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Central Valley's New Political Dynamics Hard to Pinpoint

The area, originally conservative, became a Davis stronghold. That has waned, but support for his foes is scattered.

September 09, 2003|Michael Finnegan | Times Staff Writer

FRESNO — In the Central Valley, Cruz Bustamante trumpets his devotion to farm workers, Arnold Schwarzenegger touts his ties to farm owners, Tom McClintock vows to safeguard water for crops, and Peter V. Ueberroth tells voters he grows walnuts and grapes.

California's agricultural heartland has become hotly contested terrain in the gubernatorial recall race. It can swing statewide elections between the two major parties, and it promises to play a pivotal role in the Oct. 7 vote on the proposed ouster of Gov. Gray Davis.

Yet the scramble for votes in the Central Valley is a messier endeavor than usual, one that reflects the odd campaign calculus of the recall and the rapid population shifts of a region now home to 6 million people.

"It's still very much an open race," said Carol Whiteside, a former Modesto mayor who heads the Great Valley Center, a regional public policy institute.

In part that is because the Central Valley has soured on the Democratic governor: In the most recent Times Poll, 82% of likely voters there gave him a negative job rating -- higher than the figure from the state as a whole.

In the 1998 governor's race, Davis' strength in the conservative-leaning Central Valley helped drive his landslide victory over Republican Dan Lungren. Davis stressed his record as a Vietnam veteran who backs the death penalty. He used the same tactic in seeking reelection last year, but with mounting fiscal woes and lingering bitterness over the energy crisis, Davis was trounced in the valley by GOP rival Bill Simon Jr. The governor prevailed statewide thanks largely to Simon's dismal showing in coastal cities.

Now, in his fight to survive the recall, Davis has all but ignored California's breadbasket. Apart from his time in Sacramento, he has campaigned almost exclusively in the Bay Area and Southern California, trying to shore up his base of Democrats and independents.

"In a very short campaign, you can't do everything, and you can't be everywhere," said Davis campaign advisor Garry South. "You have to really concentrate on the areas that are most critical for achieving your objective."

Shaping the contest to replace Davis are the same demographic changes that enabled him to compete in the Central Valley five years ago. The 400-mile-long valley was a Democratic stronghold for decades after legions of poor farmers from the South and Midwest settled there during the Great Depression. It switched to solid Republican turf amid the social turmoil of the 1960s.

Since then, it has transformed gradually into a swing area -- competitive for both Democrats and Republicans -- amid a surge in the Latino population and a steady migration of moderate suburban voters from the coast, many of them fleeing the Bay Area's soaring housing costs. The growth of the Sacramento area -- and diversification of its electorate -- has also loosened the GOP's more recent lock on the valley.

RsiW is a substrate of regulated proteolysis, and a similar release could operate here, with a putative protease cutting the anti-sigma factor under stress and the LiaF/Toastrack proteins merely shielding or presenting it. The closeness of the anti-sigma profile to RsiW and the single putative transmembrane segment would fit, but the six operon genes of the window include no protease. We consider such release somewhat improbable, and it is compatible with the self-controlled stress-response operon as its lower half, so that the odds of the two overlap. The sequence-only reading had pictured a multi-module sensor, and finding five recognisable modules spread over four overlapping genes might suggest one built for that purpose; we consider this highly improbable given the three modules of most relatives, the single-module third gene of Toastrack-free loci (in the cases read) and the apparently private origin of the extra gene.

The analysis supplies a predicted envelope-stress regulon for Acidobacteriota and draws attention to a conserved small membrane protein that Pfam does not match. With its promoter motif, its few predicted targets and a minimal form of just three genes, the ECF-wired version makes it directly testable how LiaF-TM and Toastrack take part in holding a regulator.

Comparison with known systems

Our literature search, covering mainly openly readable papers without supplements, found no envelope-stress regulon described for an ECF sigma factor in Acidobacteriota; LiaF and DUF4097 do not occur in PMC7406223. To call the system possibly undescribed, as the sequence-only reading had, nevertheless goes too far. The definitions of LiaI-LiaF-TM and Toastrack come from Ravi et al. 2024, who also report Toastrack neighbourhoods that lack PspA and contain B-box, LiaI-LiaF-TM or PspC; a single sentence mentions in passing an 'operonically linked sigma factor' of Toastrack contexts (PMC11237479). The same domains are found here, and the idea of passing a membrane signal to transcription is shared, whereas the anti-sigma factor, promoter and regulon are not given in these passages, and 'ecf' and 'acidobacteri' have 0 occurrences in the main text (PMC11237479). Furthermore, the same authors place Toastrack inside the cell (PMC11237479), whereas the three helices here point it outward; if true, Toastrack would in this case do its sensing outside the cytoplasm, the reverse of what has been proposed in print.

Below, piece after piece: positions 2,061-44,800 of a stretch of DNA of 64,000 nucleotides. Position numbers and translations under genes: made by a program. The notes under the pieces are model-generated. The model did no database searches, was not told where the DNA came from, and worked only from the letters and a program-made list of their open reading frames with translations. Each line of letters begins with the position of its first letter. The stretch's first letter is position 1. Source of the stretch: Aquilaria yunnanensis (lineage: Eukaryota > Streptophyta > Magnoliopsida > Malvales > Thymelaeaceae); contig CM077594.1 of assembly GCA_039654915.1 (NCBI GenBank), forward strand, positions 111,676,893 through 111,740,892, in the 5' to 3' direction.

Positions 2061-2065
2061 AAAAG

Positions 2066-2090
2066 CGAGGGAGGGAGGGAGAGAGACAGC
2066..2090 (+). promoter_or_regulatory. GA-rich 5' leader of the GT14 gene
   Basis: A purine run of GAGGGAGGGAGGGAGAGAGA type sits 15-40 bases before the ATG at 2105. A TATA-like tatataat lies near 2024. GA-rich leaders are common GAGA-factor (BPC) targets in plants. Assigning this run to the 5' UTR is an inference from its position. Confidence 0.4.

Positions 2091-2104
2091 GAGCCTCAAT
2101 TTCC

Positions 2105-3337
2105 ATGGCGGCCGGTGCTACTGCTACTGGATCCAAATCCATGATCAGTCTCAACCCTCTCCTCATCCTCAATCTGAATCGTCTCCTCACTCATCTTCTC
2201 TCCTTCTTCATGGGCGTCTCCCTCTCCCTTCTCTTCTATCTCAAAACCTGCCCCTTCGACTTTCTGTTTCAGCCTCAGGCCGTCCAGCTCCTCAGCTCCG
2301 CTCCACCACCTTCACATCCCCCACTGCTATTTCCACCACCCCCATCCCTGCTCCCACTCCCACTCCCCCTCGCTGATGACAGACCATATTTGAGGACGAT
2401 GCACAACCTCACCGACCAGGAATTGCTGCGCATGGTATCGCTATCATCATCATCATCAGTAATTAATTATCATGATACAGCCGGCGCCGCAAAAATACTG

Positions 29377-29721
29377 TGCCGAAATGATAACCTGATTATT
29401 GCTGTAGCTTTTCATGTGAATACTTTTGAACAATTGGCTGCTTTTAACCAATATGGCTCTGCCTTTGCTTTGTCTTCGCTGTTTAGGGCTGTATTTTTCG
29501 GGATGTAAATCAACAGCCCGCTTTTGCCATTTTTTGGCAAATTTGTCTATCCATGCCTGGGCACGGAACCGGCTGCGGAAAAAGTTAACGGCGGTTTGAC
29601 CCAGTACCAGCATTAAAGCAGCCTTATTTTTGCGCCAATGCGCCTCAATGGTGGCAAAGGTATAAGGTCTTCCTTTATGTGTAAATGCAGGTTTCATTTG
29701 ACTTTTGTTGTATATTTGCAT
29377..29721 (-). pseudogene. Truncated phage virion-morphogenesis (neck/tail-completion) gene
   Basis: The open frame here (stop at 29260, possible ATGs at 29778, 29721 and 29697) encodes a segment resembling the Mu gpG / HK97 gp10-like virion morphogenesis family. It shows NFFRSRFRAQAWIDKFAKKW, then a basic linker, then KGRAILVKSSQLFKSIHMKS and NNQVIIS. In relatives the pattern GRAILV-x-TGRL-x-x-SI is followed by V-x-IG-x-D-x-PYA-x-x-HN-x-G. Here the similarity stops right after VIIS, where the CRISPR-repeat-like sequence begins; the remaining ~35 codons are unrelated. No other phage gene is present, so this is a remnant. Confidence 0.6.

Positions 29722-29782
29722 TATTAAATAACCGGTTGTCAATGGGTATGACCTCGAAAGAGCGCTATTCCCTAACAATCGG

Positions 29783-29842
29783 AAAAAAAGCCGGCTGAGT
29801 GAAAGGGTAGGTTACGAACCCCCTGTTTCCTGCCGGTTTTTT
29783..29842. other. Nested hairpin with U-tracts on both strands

"They're not farmers, they're not right-wing nuts, they're not rednecks," South said.

Bustamante hopes to corner the valley's growing Latino vote. The lieutenant governor, a Democrat who grew up outside Fresno and now lives in a Sacramento suburb, would be California's first Latino governor in modern times.

He recently joined United Farm Workers leaders in a dusty Kern County field to proclaim his solidarity with the union founded by Cesar Chavez. He struck a similar theme Wednesday at a gubernatorial debate.

"I've picked peaches and done the kind of hard labor that has been out there in those fields," he said.

On Sunday, Bustamante held a rally of several thousand supporters in Fresno, but his native-son advantage is tenuous. Although he won Fresno County in his first statewide election in 1998, he lost it last year in his bid for reelection. And now, in his campaign for governor, Bustamante has taken stands that could further dampen his appeal in the valley. His call for gasoline price controls, for one, could cause him trouble in Kern County, where oil extraction is a big source of jobs.

"They're trying to make a buck pumping the stuff out of the ground, and I'm sure they don't want it to become a utility," said Tony Quinn, who analyzes campaigns for California Target Book, a nonpartisan election guide.

Bustamante advisors concede that his politics generally run against the valley's conservative grain, which has maintained its strength despite the recent influx of more moderate voters. He supports higher taxes, legal abortion, gay rights and legislation that would abolish farm exemptions from smog rules.

"On the social issues, Cruz is way too liberal for them," Bustamante strategist Richie Ross said.

Demographer Hans P. Johnson of the Public Policy Institute of California said the legacy of Dust Bowl migration "is very much alive and well in the valley, with the descendants of those migrants being fairly conservative."

"I'm surprised that it is not becoming more Democratic, given the population changes," he said.

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